The Kloosterstraat is not an especially long street, but a walk along it can easily last for hours. Linking the old town with the arty Zuid district, it’s lined with antique and design shops selling a staggering inventory of hebbedingetjes (things you want but don’t need). Hunting among these is a favourite Antwerp pasttime, especially on Sundays. Come afternoon, the street buzzes with locals strolling pavements heaped with mannequins, suits of armour and second-hand books. The variety is huge: junk grottoes like Tante Brocante rub shoulders with dealers selling ancient Egyptian parchment or Congolese swords. For the best pick of local talent, time your visit with the monthly Market for Tomorrow, which hosts young makers, as well as DJs and a cocktail truck.
Belgium has no shortage of great beers, and in Antwerp there’s one that’s got to be on the menu: De Koninck. A symbol of the city, this malty, mahogany-coloured brew was the first beer to be made here and, while some microbrews are just emerging, is now the last to be produced in significant quantities locally. The recently revamped De Koninck brewery makes an unbeatable introduction, with a new tour that puts the typical shuffle round an yeasty brewing floor to shame. A hands-on look at the beer’s history and production, it includes a primer on beer glasses held beneath a ceiling glittering with them, a delivery van that hurtles on a virtual tour of the city, and a last-chance saloon with a self-playing piano. The final stop is, happily, the bar, where visitors can sample De Koninck in its unique glass — the chalice-like bolleke — and its two sister beers, Wild Jo and the potent Triple D’Anvers. If this all gives you the urge for an accompanying snack, in-house artisan producers are on hand to advise on pairing cheese, meat and chocolate with Belgian beers.
Step into the Paleis op Meir and you’ll find a place as lavish as you’d expect from a haunt of Belgian kings and Napoleon Bonaparte: gilded ceilings, paintings and glittering chandeliers—plus a lot of chocolate. This is the unusual home of The Chocolate Line, the second outpost of Bruges-based “shockolatier” and tireless experimenter Dominique de Persoone. His inventions—all made on-site, in a kitchen with a 19th-century stove —area fever dream of outlandish flavours like wasabi, lavender, and Earl Grey; one chocolate even comes with a tequila-filled syringe. And they taste good: “Miss Piggy” somehow manages to capture the flavour and crunch of bacon, while a sundried tomato, basil and black olive confection mimics pizza. Also on offer are chocolate lipstick and “pills” certain to cure a broken heart.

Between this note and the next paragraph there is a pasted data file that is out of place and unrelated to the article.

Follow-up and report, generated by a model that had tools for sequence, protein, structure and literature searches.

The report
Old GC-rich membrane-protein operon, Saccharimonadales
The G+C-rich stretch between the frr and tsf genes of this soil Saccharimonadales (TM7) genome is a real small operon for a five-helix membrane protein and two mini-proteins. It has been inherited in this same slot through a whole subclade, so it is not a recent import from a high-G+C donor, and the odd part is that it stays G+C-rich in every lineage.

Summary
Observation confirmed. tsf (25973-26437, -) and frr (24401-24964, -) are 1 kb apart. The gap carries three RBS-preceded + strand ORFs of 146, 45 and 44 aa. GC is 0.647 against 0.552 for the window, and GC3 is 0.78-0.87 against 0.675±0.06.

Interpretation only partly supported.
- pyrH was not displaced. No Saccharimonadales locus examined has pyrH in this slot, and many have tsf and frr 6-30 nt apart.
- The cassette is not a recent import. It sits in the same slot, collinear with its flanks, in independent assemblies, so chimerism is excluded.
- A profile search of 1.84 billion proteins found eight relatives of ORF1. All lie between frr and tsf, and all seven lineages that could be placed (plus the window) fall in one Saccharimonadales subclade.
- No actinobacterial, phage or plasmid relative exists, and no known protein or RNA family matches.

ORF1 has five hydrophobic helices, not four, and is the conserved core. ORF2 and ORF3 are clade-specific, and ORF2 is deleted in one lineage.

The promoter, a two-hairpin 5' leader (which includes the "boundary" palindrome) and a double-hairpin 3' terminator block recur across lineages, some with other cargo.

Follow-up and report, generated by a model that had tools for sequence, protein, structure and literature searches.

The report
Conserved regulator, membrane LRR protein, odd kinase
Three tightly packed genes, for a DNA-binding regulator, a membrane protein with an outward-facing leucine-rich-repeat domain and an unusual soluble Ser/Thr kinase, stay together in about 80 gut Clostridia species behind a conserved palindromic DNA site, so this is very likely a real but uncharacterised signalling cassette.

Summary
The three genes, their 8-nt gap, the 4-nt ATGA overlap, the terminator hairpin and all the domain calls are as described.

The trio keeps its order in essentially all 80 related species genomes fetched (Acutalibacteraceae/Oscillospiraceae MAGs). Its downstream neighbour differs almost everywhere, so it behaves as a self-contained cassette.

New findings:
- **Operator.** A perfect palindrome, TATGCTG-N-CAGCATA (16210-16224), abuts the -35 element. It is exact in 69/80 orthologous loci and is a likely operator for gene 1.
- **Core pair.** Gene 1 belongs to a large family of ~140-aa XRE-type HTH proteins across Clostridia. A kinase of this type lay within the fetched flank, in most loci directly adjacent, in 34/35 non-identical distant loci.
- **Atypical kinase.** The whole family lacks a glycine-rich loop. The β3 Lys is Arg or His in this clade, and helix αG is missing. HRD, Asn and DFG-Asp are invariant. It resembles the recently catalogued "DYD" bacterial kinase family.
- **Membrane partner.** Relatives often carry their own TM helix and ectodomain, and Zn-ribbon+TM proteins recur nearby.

Head up one of Antwerp’s taller buildings at night and you’ll see lights glittering for miles-the tell-tale signs of Europe’s second-largest port, sprawling beside the River Scheldt as it curves out to the North Sea. The city’s maritime heritage is everywhere in Het Eilandje, the once-decrepit docklands whose buildings now house cool clubs, bars and restaurants like Het Pomphuls. Set in a grand ’20s pumping house with its original machinery intact, the towering space is packed with diners ensconced in plush armchairs, their conversations and clinking cutlery echoing up to the glass roof above. They tuck into artfully presented, seasonal dishes: the likes of goose liver with strawberry and shallot compote, or rabbit fillet with mozzarella, tomatoes and lemon gel, plus marine bounty from the North Sea, including sole, plaice and mussels. To finish, there are dainty dessert plates laden with mini mousses, biscuits and sorbets – perhaps with a last drink on the restaurant’s terrace, as container ships inch by.
Inside De Vagant, friends chat at rough-hewn tables, sipping from shot-glasses as resident cat Berry purrs his way between their legs. An old, timber-beamed house updated with vintage liqueur posters and low-strung lights, De Vagant is Belgium’s leading purveyor of jenever – a historic drink with a new-found following. A juniper-based spirit and forerunner of gin, it was invented here (or by the Dutch, depending on who’s talking), but banned from 1919 as a national vice. After its re-emergence in 1985, Antwerpian Ronald Ferket opened De Vagant with just a few varieties behind the bar. Today, the pub and adjacent shop offer more than 200, spanning jenever’s spectrum of flavours from vodka-like neutrals to sharp, herby Oude Antwerpse and oaky, barrel-aged Filliers. In summer, cocktails and “jeton” (Jenever G&T) are popular, as are sweet, bright fruit jenevers like lemon and blood orange. However lightly it may go down, jenever packs a punch .Take your cue from the locals: sip, sit back and relax.